The Senate approved a bill that would require the Biden administration and the director of national intelligence to declassify intelligence on the origins of COVID-19 by unanimous consent Wednesday evening.

"The American people deserve to know about the origins of COVID-19," Missouri Republican Sen. Josh Hawley said on the Senate floor before the bill passed. "They deserve to know how this terrible pandemic that has ravaged the globe and our country, how it got started, and what China’s role was in starting it."

He said that voters deserved to see the evidence and judge for themselves, rather than different speculation from various administration officials on where the virus may have come from.


"Whether it’s weighing in on issues of health care, national security, COVID-19, who disagrees with transparency?" asked Indiana Republican Sen. Mike Braun. "The sunshine reveals everything."

President Biden boards Marine One on the Ellipse near the White House, Friday, May 7, 2021, in Washington. (AP Photo/Patrick Semansky) (AP Photo/Patrick Semansky)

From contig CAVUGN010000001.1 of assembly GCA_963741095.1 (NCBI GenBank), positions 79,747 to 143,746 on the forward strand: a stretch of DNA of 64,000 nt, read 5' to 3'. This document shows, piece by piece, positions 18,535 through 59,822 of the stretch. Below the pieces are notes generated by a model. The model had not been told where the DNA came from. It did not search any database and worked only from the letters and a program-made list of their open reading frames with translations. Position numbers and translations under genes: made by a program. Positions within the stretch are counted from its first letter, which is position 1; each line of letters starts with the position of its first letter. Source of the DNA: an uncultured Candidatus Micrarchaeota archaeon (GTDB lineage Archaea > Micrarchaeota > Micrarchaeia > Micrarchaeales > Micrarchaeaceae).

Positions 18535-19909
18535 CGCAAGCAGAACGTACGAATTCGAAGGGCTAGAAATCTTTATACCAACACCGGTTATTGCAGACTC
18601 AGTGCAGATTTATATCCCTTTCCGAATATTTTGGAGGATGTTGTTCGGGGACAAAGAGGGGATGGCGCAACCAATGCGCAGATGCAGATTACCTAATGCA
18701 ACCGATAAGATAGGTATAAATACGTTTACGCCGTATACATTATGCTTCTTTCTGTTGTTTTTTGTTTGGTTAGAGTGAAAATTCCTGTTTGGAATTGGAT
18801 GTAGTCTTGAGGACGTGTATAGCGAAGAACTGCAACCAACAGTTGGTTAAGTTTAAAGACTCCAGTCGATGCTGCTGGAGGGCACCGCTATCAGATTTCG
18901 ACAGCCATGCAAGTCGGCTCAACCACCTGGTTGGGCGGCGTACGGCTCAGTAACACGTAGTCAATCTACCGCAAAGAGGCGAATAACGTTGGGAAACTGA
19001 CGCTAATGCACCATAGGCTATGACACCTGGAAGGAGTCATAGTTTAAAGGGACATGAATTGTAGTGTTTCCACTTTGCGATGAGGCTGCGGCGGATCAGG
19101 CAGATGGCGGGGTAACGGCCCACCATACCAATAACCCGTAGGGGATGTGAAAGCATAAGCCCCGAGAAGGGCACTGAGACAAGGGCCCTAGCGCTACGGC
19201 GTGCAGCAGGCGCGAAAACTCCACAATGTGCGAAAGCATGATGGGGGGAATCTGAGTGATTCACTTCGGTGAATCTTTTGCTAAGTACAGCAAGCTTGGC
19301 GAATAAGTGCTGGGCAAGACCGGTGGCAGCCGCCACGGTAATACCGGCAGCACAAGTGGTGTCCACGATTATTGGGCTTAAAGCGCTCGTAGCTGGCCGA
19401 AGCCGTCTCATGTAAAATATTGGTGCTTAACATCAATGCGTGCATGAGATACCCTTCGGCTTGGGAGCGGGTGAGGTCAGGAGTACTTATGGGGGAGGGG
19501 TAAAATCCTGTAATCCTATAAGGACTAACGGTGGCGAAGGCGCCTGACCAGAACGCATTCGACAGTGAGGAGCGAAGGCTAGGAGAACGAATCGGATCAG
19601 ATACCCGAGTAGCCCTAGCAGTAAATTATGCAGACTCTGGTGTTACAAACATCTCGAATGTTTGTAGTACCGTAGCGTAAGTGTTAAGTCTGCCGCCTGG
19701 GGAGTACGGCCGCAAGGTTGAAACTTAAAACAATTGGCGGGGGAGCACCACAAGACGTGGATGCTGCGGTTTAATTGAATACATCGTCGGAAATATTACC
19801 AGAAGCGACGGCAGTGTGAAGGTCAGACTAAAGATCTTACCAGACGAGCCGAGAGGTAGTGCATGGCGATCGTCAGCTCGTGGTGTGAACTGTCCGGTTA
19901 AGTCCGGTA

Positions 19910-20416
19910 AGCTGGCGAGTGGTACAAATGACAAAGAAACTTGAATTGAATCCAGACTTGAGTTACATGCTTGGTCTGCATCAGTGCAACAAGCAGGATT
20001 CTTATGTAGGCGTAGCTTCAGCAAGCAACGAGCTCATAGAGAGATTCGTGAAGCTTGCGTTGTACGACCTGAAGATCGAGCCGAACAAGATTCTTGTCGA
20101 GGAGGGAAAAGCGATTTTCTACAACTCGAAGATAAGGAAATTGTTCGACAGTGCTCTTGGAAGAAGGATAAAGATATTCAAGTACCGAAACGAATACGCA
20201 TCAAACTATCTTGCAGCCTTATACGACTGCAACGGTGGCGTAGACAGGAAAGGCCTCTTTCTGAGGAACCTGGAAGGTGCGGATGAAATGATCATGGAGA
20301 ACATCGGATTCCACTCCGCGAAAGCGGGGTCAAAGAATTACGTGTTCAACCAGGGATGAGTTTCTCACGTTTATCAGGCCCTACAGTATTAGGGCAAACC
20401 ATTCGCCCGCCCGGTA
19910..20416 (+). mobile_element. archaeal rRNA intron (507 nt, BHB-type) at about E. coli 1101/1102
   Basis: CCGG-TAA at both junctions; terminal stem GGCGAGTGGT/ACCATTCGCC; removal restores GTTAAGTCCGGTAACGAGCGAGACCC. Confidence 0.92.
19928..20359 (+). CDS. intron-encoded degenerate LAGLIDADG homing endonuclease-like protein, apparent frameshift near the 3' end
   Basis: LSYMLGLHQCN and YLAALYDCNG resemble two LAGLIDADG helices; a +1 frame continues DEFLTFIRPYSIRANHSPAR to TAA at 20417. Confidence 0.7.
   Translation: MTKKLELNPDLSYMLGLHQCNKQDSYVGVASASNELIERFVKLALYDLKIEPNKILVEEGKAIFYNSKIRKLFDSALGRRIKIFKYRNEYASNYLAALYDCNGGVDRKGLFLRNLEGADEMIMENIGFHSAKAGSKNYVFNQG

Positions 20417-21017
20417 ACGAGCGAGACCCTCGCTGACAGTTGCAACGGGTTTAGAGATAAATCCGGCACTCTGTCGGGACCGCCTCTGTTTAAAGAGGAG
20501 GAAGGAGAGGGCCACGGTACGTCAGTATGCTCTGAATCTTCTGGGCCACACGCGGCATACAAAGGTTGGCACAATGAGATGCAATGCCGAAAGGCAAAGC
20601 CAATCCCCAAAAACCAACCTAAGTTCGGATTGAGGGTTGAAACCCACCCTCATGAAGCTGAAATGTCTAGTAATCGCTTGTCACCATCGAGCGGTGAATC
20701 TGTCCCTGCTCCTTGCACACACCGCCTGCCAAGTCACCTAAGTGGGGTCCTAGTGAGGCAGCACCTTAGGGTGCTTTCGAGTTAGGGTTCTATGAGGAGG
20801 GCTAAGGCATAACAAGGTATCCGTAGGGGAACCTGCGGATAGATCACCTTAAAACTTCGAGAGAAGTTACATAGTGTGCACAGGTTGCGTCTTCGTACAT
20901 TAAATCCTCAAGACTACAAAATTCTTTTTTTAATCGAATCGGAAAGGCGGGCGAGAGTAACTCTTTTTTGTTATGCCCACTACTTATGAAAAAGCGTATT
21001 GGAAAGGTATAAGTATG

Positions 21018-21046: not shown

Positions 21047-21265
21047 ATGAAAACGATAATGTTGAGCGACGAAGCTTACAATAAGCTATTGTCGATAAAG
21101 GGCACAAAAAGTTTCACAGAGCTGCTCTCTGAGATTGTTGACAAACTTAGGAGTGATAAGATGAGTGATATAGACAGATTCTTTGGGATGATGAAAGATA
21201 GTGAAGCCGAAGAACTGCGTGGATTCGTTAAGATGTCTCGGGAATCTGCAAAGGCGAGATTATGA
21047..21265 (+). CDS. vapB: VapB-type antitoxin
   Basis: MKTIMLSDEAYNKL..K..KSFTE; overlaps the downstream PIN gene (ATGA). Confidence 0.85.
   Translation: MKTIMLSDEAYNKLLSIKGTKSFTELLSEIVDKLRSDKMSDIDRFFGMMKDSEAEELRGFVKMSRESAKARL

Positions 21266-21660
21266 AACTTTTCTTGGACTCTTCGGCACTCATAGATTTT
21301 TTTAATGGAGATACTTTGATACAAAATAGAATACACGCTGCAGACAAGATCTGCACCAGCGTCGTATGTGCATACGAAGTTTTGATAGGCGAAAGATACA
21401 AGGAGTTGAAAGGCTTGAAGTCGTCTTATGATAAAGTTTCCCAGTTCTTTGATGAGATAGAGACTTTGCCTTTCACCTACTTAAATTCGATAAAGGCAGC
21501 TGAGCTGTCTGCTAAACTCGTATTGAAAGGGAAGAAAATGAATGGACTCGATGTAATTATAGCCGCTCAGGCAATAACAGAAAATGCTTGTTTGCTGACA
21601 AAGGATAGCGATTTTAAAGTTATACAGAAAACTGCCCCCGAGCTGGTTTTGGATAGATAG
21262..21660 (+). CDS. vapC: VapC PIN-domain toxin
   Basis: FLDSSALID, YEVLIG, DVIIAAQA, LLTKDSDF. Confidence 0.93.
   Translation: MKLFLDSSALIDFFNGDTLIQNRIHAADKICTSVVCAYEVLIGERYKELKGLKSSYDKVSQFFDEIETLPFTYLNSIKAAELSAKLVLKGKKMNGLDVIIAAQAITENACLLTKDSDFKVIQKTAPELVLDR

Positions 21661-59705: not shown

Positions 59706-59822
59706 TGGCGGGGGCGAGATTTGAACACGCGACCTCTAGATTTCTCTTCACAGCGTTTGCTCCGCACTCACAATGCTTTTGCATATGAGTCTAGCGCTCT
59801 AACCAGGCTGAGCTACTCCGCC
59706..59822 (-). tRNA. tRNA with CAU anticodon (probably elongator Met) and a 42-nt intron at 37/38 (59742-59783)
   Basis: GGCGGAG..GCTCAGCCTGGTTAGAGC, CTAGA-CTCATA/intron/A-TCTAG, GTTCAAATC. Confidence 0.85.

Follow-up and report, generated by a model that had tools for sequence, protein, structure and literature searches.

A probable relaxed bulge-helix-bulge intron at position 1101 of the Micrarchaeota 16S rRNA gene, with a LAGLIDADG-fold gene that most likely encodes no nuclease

Braun noted that even Dr. Anthony Fauci, who has headed the U.S. coronavirus response through two presidential administrations, has called for transparency surrounding the origins of the virus.

In a statement before the vote, Biden said intelligence leaders were weighing two possible scenarios – that the virus either leapt to a human from contact with an infected animal or that it accidentally leaked from a laboratory in Wuhan, China.

The so-called lab-leak theory, initially derided by critics of the Trump administration as a conspiracy theory and censored on Facebook between February and Wednesday, has gained traction in recent days amid a lack of evidence for other origins of the coronavirus.


This week, Fox News learned from a Trump-era State Department official that several workers at the Wuhan Institute of Virology fell ill in mid-November 2019, a month before COVID-19 was first reported in the city. The official claimed to have been in touch with those contacts at the time and said colleagues also had been in communication about the issue.

The Wall Street Journal, citing previously undisclosed U.S. Intelligence, reported that the workers showed coronavirus-like symptoms and required hospital care.

Fox News’ Morgan Phillips and Kelly Phares contributed to this report.